“It was the best choice I could make,” she said. “I live on the land where my crops grow, and I am the first consumer of my products. So every day, I live the experience that healthy products can only come from healthy land.”
Composed of 900 Leccino, Moraiolo, Frantoio, Caninese, and Pendolino trees, Nicolai’s grove is spread over five hectares, which retained the original extensive planting pattern.
After the historical frosts of the last century, this setup made it possible to plant new trees, while maintaining a distance of six meters by six meters and eight meters by 10 meters between them.
At the heart of the orchard, a panoramic terrace overlooking the lake is dedicated to tasting and hospitality.
“Indeed, our goal is to spread the culture of high-quality extra virgin olive oil,” Nicolai concluded.
In Impruneta, near Florence, Fattoria di Triboli was founded in 2018 by a group of professionals with different skills who have teamed up with the “purpose is to contribute to a more responsible society.”
The 15-hectare organically-managed olive grove is the core of their 100-hectare property, which also includes a large wooded area and a lake.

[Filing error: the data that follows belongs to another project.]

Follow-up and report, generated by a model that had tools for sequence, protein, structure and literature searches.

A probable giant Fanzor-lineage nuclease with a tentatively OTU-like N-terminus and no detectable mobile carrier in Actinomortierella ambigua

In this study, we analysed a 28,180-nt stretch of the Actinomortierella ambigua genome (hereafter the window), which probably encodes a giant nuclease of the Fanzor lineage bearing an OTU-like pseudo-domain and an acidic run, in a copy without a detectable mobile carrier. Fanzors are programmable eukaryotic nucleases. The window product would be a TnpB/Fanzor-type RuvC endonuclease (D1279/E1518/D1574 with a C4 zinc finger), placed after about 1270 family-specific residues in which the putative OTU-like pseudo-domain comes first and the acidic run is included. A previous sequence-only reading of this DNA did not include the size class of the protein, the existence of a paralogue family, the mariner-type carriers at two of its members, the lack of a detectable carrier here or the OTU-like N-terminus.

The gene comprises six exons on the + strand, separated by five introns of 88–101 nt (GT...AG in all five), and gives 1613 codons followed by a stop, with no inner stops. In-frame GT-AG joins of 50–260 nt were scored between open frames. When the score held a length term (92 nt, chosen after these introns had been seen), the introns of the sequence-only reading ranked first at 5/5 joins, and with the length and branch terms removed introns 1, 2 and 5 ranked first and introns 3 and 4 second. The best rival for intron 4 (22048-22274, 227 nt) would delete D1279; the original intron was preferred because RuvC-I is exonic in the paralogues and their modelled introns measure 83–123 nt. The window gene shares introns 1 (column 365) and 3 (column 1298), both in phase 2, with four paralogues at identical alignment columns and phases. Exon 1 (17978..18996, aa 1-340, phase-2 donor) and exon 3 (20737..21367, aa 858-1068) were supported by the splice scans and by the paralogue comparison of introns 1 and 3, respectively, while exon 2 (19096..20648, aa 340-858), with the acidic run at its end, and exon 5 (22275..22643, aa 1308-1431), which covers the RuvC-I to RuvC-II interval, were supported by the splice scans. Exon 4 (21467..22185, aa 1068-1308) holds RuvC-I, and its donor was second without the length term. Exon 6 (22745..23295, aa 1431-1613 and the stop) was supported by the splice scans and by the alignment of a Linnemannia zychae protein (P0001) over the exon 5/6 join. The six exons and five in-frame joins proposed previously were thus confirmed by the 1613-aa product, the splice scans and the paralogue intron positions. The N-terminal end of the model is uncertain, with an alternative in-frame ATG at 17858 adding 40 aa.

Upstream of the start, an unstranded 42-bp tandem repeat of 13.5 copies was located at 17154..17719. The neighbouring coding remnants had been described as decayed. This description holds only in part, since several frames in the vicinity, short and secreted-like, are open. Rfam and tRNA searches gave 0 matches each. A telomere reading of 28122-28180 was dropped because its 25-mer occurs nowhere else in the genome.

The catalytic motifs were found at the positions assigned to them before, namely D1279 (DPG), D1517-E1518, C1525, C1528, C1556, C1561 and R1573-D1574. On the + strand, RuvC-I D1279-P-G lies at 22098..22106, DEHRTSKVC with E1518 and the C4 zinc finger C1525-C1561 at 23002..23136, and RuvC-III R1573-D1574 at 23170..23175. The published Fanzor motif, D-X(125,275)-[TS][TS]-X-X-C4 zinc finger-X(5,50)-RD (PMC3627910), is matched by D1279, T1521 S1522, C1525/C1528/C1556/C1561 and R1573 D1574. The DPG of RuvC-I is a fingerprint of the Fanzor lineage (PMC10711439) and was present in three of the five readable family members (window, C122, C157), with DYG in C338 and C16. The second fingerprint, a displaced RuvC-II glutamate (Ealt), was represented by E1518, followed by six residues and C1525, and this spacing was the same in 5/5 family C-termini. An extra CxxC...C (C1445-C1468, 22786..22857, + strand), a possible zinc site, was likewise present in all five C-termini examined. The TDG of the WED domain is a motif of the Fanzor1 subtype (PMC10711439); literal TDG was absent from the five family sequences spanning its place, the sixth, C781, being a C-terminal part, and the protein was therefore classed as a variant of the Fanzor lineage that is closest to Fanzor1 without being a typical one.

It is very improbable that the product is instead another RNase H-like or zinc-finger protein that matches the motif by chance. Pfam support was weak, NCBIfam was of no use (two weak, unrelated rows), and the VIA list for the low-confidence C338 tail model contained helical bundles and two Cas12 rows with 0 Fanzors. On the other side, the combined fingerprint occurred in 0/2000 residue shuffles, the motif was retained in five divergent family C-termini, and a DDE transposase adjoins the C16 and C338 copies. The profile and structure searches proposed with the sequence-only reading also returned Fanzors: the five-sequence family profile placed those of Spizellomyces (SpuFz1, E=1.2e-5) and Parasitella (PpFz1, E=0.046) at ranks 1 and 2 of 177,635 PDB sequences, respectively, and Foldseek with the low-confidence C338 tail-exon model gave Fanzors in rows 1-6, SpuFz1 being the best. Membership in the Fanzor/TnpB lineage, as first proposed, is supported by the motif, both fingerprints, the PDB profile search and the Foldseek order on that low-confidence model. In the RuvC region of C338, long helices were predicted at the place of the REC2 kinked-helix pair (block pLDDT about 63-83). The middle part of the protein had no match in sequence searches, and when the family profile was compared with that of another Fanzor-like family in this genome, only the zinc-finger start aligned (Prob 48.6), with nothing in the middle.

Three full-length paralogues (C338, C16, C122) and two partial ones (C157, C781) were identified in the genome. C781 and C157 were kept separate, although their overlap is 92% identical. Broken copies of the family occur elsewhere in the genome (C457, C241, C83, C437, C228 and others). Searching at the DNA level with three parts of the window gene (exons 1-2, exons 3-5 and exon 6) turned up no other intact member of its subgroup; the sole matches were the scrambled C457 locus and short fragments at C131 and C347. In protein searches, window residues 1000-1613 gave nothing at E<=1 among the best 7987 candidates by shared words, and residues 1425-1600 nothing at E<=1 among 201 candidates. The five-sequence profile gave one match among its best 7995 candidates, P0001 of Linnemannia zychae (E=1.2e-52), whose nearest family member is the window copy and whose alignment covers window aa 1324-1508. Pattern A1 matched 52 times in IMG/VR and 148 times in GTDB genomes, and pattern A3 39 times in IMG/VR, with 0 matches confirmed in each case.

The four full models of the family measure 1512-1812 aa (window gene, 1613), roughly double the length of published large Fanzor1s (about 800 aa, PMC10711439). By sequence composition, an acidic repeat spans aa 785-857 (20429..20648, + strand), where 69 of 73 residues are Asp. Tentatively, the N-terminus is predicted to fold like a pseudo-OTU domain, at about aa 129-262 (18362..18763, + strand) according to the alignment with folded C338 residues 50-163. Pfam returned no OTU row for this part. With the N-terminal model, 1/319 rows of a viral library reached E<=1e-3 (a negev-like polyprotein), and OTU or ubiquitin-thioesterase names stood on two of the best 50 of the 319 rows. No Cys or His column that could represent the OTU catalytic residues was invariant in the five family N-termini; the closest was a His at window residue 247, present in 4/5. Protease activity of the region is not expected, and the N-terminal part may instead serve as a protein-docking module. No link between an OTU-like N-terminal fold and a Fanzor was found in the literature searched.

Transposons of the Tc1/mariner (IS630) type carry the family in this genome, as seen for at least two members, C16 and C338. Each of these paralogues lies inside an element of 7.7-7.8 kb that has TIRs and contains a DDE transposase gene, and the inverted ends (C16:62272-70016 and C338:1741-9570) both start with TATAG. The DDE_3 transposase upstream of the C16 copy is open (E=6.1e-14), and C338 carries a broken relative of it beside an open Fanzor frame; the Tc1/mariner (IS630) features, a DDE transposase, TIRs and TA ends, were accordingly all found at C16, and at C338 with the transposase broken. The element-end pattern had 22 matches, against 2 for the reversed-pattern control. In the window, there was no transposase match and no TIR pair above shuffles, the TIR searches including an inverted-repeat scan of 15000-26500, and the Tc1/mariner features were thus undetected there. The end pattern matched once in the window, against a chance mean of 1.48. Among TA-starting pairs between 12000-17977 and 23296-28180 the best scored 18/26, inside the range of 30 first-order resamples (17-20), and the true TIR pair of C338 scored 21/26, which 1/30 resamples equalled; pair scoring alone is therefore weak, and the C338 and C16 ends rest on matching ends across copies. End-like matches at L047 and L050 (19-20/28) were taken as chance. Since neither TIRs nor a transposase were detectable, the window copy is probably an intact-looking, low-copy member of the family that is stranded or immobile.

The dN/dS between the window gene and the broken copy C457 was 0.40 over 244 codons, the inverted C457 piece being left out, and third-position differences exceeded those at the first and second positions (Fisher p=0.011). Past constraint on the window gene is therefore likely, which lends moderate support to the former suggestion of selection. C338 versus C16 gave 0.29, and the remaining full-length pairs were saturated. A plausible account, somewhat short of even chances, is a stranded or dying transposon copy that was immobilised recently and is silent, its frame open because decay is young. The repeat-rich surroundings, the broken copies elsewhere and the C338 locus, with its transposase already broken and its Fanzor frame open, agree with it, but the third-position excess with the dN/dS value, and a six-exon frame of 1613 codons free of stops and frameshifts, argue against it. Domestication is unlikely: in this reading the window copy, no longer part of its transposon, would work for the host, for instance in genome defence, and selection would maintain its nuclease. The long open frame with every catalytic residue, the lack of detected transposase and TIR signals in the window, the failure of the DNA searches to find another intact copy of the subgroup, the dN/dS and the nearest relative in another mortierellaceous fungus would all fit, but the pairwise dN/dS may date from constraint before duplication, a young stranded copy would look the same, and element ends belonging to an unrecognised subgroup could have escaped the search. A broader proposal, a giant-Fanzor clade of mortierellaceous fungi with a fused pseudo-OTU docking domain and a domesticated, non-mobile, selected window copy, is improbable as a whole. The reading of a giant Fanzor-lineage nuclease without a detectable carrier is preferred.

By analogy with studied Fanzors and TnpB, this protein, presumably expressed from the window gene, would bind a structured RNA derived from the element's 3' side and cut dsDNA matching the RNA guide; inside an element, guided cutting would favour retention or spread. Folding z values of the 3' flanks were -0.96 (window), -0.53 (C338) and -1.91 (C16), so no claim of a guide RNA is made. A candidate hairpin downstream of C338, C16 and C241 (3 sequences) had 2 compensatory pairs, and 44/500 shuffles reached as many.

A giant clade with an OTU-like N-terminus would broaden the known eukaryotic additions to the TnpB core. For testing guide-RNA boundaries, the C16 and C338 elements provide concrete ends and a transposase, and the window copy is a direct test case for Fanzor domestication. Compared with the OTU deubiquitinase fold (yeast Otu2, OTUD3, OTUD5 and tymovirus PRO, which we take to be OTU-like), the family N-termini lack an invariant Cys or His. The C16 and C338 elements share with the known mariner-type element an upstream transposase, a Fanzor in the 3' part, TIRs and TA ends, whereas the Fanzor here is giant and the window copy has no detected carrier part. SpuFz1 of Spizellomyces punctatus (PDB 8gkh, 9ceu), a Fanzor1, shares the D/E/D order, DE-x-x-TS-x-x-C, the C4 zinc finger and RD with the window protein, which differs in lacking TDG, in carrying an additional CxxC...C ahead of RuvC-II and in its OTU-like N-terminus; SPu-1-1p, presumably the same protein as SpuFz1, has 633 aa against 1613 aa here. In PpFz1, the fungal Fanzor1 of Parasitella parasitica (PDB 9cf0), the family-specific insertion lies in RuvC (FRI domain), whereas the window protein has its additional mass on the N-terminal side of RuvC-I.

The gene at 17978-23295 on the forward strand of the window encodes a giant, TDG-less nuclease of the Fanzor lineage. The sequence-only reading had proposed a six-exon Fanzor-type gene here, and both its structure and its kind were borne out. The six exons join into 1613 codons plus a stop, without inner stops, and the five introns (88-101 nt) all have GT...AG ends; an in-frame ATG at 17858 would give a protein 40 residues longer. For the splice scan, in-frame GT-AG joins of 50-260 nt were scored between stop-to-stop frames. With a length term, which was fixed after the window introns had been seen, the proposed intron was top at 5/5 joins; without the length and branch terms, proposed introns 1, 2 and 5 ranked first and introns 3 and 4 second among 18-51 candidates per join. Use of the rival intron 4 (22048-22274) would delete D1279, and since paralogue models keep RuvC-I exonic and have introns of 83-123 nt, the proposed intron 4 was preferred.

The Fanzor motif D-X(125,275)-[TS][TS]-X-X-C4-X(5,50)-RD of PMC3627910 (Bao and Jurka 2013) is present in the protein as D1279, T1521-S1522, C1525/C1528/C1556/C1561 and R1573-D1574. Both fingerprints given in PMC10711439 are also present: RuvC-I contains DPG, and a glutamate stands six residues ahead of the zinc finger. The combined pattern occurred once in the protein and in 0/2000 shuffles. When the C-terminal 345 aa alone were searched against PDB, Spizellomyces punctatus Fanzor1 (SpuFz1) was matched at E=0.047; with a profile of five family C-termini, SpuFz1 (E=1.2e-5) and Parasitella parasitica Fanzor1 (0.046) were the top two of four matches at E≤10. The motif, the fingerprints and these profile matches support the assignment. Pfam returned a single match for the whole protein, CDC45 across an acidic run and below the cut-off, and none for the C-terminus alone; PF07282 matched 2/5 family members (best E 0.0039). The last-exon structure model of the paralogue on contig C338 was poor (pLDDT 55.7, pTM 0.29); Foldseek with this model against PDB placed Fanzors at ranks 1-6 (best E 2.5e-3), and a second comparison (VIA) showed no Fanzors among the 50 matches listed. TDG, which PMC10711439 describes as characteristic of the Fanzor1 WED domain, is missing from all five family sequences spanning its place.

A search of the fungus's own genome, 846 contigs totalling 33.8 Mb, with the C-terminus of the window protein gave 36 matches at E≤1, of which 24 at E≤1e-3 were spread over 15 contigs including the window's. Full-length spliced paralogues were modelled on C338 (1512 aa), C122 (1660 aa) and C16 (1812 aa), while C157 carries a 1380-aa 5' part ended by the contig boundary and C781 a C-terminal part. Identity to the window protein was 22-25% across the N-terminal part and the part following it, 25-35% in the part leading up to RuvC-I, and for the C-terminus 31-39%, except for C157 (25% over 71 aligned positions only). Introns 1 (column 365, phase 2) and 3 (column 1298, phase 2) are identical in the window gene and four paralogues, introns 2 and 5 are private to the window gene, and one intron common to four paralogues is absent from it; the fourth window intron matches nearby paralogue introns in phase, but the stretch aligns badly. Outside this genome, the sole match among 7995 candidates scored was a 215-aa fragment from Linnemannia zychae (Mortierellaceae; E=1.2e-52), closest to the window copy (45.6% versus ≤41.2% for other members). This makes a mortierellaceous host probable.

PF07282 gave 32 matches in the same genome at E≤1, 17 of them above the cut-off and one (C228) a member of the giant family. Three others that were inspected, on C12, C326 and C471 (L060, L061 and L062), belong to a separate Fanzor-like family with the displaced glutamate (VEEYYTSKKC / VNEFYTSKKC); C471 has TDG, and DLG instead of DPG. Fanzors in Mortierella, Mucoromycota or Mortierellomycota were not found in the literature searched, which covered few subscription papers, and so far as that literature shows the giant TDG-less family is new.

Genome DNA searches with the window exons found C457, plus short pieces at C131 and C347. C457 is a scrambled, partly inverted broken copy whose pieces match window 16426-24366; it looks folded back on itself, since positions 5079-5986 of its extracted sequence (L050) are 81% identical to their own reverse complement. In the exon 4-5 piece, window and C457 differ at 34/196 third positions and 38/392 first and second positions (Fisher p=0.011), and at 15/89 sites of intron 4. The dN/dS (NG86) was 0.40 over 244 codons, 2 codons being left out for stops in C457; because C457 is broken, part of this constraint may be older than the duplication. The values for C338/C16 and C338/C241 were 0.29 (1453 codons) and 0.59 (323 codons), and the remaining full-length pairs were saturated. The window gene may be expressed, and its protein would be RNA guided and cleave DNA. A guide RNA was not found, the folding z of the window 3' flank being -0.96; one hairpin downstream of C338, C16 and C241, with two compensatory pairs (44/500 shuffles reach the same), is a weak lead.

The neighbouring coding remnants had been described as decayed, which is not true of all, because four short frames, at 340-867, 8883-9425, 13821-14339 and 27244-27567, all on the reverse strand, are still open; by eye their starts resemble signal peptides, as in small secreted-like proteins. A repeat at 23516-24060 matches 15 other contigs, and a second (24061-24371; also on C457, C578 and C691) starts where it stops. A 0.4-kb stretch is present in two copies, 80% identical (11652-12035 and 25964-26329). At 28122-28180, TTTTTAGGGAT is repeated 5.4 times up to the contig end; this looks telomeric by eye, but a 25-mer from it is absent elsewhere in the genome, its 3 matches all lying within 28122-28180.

“This is a wonderful recognition that pushes us to do even better,” Luigi Viscardi, the company’s managing director, said after receiving a Gold Award for a blend of Frantoio, Moraiolo, Leccino and Pendolino olives.
“We wish to constantly improve ourselves and reach excellence in every aspect of our activity,” he added.
This far-reaching approach is based on a strong commitment to research and scientific studies and collaborations with institutions.
“Alongside the Blekinge Institute of Technology in Sweden, we have developed a strategic plan to achieve environmental, social and economic sustainability for our farm,” Viscardi said.
He and his team pay attention to the environmental compatibility of the entire production chain, starting from the adoption of regenerative agriculture practices, which are aimed at improving the health and vitality of the soil, to the use of stainless steel bottles which are completely recyclable.
“We feel a great responsibility for our land, and we are focused on improving its biodiversity,” Viscardi said, emphasizing that they are reintroducing autochthonous and rarely cultivated olives, such as the Madonna dell’Impruneta variety.
The clay soils in the hilly Tuscan region allow for the ideal development of 4,800 olive trees, of which 1,100 were planted over the past two years.
“With the goal to make high quality, we are aiming to add land and expand our production with native Tuscan olive varieties,” Viscardi said. “This is a demanding job, but it gives us great satisfaction that pushes us to continue with a constant focus on our sustainability goals.”